Cost of living: The shock of rising prices in Japan

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As a child growing up in Japan, things very rarely seemed to get more expensive.

My favourite lunch was always available for a 500 yen coin ($3.90; £3.10) and it remained that way until 2021. The same for shoes or clothes, little changed.

I was taught to save, save and save, and repeatedly warned that the value of our family home had collapsed in the 1990s, when the property market crashed.

This painful financial loss meant my parents, and many others like them, were never able to sell their house again or upgrade it.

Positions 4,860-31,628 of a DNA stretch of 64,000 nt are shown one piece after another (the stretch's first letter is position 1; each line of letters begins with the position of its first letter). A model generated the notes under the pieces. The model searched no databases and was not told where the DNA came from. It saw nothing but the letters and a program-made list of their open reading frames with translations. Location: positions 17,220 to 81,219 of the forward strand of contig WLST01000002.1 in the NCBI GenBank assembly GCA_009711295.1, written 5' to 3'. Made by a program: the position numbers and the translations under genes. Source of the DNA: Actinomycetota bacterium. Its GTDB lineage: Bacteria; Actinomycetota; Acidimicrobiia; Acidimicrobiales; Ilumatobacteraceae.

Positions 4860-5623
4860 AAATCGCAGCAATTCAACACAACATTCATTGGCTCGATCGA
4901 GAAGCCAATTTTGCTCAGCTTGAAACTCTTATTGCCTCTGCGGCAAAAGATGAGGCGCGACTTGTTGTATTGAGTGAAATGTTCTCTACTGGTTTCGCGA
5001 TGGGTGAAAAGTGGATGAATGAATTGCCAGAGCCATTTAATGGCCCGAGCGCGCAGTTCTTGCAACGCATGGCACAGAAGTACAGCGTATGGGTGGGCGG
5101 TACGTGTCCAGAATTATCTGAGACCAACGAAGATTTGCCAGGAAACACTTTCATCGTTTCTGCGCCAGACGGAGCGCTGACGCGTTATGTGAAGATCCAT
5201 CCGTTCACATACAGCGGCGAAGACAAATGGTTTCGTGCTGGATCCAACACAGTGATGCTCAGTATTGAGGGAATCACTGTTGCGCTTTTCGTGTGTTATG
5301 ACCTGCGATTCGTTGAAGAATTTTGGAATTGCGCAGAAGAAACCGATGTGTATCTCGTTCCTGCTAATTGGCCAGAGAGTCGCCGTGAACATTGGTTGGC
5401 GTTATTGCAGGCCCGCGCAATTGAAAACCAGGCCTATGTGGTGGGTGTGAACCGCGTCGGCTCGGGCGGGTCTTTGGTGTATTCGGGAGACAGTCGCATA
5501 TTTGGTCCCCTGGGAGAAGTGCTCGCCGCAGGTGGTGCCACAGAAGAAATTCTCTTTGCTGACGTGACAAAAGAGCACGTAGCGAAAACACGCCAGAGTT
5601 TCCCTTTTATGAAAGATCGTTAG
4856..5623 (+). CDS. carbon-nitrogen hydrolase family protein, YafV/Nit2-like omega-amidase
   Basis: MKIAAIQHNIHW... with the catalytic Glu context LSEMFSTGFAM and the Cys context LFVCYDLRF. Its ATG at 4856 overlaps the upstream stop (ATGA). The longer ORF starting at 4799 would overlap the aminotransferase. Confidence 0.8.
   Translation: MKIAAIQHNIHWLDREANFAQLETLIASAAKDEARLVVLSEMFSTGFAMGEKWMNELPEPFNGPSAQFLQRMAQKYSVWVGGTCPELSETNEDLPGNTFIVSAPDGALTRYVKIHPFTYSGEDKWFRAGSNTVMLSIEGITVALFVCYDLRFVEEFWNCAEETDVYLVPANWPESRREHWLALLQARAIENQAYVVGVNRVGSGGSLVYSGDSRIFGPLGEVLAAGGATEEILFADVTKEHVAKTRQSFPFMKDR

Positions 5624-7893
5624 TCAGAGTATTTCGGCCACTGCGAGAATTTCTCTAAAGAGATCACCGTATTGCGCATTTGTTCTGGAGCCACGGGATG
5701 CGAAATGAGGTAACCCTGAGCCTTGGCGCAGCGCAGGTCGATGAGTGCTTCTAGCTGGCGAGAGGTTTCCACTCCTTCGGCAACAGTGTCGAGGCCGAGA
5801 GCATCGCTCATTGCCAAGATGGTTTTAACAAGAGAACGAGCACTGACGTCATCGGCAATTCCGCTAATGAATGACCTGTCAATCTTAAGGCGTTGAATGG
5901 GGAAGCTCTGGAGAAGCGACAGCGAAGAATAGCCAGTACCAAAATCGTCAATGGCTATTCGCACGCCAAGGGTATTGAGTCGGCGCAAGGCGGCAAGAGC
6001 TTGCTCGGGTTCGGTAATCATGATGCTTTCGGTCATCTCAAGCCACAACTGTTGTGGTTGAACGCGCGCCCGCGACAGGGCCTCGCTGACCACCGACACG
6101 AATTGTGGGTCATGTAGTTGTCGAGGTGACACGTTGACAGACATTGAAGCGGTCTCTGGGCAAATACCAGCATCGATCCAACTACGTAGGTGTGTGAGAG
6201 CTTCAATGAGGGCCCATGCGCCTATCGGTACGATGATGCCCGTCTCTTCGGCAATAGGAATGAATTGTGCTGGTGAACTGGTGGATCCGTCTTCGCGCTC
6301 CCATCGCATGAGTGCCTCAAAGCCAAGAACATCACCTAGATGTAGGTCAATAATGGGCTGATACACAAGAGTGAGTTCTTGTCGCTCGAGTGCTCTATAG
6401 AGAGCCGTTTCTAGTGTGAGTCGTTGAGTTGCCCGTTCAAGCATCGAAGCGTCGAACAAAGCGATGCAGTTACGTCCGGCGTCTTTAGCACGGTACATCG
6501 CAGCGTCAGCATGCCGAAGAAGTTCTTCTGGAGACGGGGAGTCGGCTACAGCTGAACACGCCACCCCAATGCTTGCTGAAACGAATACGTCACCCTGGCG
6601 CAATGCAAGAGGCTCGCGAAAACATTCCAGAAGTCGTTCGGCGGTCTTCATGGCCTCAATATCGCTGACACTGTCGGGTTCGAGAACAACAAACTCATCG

But when prices for everyday items don’t increase, people don’t actively spend money.

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Companies, in turn, respond by not increasing salaries, which lowers consumer demand and prices further. When you cannot get a pay rise, you don’t rush out to go shopping very often.

Taken altogether, this slows an entire country’s economic growth – a vicious cycle Japan has been trapped in for decades.

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